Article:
In recent years, as streaming has rapidly become the format of choice for much of the world — and the primary revenue source for recorded music — the value of copyrights has soared. That value climbed even higher when the pandemic flattened the financial engine of the music business — the live-entertainment industry — and copyrights proved themselves to be a remarkably durable asset.

Over the past few months, Bob Dylan sold his song catalog to Universal Music Publishing for between $300-400 million, Neil Young sold half of his to fast-rising upstart Hipgnosis Songs for $100 million, and Stevie Nicks sold hers (along with other intellectual property) to Primary Wave for $100 million as well, sources say. Dozens of artists, songwriters and producers have piled on, commanding dozens of millions for some or all of their music assets, slicing and dicing the pies in a head-spinning variety of manners, many of them selling to investors rather than music companies.

So now that you’ve bought this iconic song catalog, what are you going to do with it? It’s clear how a global music-publishing giant like UMPG will exploit Dylan’s catalog — respectful uses in film, TV, commercials and similar areas — and Primary Wave has spent 15 years building a business to monetize not just songs but artists-as-brands, with everything from official Kurt Cobain Converse sneakers to a recent partnership between Alice Cooper and, believe it or not, Cooper Tires. Hipgnosis is just three years old but has significantly disrupted the business not just by driving up the value of catalogs by paying a jaw-dropping $2 billion-plus to acquire recent hit catalogs from the Red Hot Chili Peppers, Barry Manilow, Fleetwood Mac’s Lindsey Buckingham, Motley Crue’s Nikki Sixx as well as lesser-known but highly lucrative hitmakers; it also has a stated dedication to upend the traditional music-publishing model for a purportedly more hands-on approach it calls song management (a description that makes many established publishers apoplectic — “Isn’t that exactly what we’ve done for decades?,” one says).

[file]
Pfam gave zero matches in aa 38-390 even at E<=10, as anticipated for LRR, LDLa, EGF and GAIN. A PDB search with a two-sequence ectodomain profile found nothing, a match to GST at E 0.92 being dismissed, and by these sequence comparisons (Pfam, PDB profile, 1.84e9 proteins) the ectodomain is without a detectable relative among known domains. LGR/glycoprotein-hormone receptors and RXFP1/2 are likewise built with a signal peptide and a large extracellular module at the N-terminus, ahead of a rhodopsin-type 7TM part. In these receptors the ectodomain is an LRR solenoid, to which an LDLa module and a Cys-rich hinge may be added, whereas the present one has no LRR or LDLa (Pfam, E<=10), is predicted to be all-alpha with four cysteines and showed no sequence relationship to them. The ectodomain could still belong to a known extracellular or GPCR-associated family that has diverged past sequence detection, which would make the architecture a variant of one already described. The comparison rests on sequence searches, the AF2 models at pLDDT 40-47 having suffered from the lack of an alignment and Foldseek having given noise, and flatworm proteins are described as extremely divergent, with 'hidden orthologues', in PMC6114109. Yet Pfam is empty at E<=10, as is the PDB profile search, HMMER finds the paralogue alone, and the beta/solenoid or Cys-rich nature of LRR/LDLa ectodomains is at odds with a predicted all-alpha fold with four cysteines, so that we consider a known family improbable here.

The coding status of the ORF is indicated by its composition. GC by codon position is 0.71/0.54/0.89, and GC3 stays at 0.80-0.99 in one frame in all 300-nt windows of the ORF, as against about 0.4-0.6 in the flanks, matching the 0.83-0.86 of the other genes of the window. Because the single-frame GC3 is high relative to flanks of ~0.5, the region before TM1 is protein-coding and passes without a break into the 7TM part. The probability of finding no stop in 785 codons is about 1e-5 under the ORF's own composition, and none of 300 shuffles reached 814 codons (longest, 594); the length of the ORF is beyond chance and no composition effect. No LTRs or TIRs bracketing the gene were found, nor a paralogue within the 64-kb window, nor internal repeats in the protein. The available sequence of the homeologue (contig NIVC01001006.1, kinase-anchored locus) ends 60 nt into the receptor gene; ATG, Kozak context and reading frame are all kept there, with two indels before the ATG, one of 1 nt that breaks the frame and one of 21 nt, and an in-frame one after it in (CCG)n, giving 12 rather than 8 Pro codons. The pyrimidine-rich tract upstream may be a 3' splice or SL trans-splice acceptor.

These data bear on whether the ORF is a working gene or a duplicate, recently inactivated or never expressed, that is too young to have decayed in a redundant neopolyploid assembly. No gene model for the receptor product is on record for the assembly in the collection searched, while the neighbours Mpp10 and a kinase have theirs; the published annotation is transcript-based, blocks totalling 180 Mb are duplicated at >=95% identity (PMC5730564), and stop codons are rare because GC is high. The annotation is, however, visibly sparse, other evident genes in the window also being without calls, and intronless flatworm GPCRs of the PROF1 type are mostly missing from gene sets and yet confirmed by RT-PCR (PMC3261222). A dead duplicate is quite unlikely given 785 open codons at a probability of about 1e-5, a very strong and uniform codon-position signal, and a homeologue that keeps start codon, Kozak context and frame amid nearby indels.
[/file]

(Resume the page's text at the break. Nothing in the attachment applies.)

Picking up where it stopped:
Music publishing and related intellectual-property management and exploitation is not a business one enters lightly. Famously called “a business of pennies,” it requires attentive nurturing and development in order to maximize the value of the assets, which accrue passive value, but much more when exploited strategically. A song catalog is an asset much more complicated than, say, a Picasso or even many real estate properties, and some investors seem to enter the arena on the mistaken premise that all songs, or even all hit songs, are created equal. In reality, they are demanding, ephemeral assets that require a lot of attention — pitching, repackaging, finding new opportunities — without oversaturating and thus damaging the artist (a.k.a the brand) or the songs.